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“There exists the danger of a civil war”


Thursday 3 May 2001, by Antonio Vargas

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Antonio Vargas is a leader of the powerful Confederation of Indigenous Nationalities of Ecuador (Conaie). He was interviewed by Mercedes López.

What are the differences and the similarities between the Conaie and the Zapatista movement?

The social and economic problems are the same. The difference lies in how one acts according to the geographical situation one encounters. For this reason the struggles have been different. The EZLN wage their struggle in one state only (Chiapas) and not at the national level. Perhaps because Ecuador is a very small country, we control nearly all the parts of the country where the indigenous problematic exists. Otherwise the Zapatistas have the same demands as us concerning indigenous poverty.

The Zapatistas have arrived at the end of their long march to Mexico City. What are you going to do with your roadblocks?

We have carried out several uprisings. The last was the toughest, and there exists the danger of a civil war if the government and the politicians do not change their attitude. It could be that a new uprising ends up in a social explosion or in a civil war. We have begun the dialogue and we hope that it works.

What are the main themes for the formal dialogue with the government?

The immediate problems are compensation for the wounded and dead, reversing the price increases [of basic commodities] and fulfilment of agreements made and others not yet signed. The long-term themes are the foreign debt, ’Plan Colombia’, emigration. In short, we are asking for changes in economic and social policy.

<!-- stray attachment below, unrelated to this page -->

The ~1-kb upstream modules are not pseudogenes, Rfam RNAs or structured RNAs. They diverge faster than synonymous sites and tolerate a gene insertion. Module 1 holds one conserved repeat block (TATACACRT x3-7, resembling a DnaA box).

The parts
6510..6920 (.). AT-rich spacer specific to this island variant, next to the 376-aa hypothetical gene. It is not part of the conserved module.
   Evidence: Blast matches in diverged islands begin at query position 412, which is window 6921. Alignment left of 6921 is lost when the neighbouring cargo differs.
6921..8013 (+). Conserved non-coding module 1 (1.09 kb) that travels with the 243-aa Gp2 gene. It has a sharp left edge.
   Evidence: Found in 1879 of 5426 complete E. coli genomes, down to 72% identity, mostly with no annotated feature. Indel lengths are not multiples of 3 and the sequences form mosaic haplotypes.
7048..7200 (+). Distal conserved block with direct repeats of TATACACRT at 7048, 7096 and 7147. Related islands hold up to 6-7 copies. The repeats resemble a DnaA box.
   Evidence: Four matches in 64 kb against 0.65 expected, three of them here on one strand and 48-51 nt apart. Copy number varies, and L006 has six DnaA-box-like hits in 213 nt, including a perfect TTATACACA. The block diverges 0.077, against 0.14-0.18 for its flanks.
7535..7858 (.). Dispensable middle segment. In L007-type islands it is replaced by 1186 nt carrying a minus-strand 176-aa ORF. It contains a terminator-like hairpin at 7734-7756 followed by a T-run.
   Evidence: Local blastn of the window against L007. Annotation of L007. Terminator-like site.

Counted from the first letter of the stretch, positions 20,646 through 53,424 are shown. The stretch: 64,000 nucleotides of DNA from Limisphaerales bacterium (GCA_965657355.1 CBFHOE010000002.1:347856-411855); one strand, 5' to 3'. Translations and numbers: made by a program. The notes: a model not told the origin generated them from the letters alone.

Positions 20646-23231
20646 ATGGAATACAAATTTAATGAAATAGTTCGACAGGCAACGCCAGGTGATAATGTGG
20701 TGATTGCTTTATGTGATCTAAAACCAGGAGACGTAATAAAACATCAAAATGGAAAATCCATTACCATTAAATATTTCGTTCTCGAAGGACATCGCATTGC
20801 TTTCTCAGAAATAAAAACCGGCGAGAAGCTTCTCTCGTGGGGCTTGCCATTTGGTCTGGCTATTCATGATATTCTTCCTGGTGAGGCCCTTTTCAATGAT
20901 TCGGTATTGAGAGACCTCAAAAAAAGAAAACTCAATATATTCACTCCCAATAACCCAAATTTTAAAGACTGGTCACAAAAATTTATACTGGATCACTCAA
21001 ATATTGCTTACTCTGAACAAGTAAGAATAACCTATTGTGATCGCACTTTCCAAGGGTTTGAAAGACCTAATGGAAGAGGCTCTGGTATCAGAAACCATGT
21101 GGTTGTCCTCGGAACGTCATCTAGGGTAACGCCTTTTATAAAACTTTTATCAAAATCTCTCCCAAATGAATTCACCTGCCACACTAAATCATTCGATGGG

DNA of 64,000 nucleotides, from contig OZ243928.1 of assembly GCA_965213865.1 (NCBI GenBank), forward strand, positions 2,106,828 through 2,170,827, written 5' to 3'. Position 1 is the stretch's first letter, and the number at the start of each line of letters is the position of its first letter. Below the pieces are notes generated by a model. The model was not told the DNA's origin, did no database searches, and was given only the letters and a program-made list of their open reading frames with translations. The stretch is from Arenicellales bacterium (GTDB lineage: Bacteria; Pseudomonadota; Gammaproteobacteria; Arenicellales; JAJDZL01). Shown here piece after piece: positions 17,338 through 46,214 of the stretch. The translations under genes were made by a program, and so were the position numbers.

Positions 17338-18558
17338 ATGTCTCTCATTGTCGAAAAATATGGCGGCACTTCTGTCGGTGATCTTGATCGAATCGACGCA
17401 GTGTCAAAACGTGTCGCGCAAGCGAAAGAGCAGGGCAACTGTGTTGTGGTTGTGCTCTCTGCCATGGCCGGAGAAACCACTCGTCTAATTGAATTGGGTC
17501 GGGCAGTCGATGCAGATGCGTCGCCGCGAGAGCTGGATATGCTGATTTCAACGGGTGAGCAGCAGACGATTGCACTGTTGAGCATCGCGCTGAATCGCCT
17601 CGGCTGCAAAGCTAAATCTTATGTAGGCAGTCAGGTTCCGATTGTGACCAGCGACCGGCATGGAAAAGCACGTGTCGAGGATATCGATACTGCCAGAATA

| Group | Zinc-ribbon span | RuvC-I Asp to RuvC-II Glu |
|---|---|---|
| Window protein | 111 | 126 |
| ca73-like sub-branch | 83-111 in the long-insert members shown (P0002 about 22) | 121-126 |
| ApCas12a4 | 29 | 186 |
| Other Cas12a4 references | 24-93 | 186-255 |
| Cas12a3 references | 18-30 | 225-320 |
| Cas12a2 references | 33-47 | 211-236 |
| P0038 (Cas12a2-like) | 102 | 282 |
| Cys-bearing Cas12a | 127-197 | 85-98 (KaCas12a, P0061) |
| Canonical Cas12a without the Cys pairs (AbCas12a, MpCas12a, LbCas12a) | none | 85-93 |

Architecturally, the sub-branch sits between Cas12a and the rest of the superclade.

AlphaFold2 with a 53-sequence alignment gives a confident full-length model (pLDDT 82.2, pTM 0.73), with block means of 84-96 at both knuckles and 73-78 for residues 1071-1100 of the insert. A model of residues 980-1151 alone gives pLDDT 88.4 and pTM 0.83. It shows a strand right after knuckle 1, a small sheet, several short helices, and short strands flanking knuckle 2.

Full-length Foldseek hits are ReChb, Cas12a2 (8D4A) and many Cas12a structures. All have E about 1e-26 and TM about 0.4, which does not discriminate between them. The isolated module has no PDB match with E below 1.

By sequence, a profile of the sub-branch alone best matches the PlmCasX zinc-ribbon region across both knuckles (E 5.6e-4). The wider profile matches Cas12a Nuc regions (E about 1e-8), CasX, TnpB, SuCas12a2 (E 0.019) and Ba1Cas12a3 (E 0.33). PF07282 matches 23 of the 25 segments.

What about ’Plan Colombia’?

We have opposed it from the beginning but lamentably Ecuador is already involved in ’Plan Colombia’. We think that this will lead to a situation such as occurred in equatorial Africa and in Vietnam, because it is a long term problem and could start a Third World War. That is, it is not only a matter for Ecuador - it also jeopardises the whole of South America.

Why do you want to engage in dialogue with the government at the headquarters of the United Nations (UN)? Would it amount to being recognized by the UN as a belligerent party?

Many negotiations that we have carried out at government headquarters have not been fruitful. This indicates to us that we need a sort of witness, for that we want the UN to participate in the dialogue, so that it is effective. In that way, we will verify the fulfilment of the agreements obtained.

Is there some degree of support for Conaie from medium ranking army officers?

Not on the part of the army. However 85% of the Ecuadorian population endorses the indigenous cause.

I’m talking about, for example, the case of Colonel Lucio Gutiérrez, who last year headed the assault on the state parliament, prior to the coup d’etat.

We have nothing to do with Lucio and his politics. Yes, we have the endorsement of some dissident colonels.

What is your position on dollarisation?

We have always been against it, first, because we defend monetary sovereignty, second because each year we are going to carry on paying US$500 million for the sovereignty of the currency and third, because following dollarisation in Ecuador inflation has not fallen, on the contrary, prices have gone up! Nobody has gained through dollarisation.

What are the demands of the Conaie in relation to tax reform and the law on social security?

With respect to the tax reform, we do not agree with the raising of VAT (value-added-tax). In addition, we want the customs to be controlled by the internal services, not by private companies. As for social security, we are asking for guarantees that it is not only for a privileged group and that the government includes the majority of the population in its reforms.

What do you think will be the response of the government?

I’m not going to be pessimistic, I hope that there are results but I won’t get ahead of myself, the future will have the final word.

Página/12, Buenos Aires, 25 March 2001.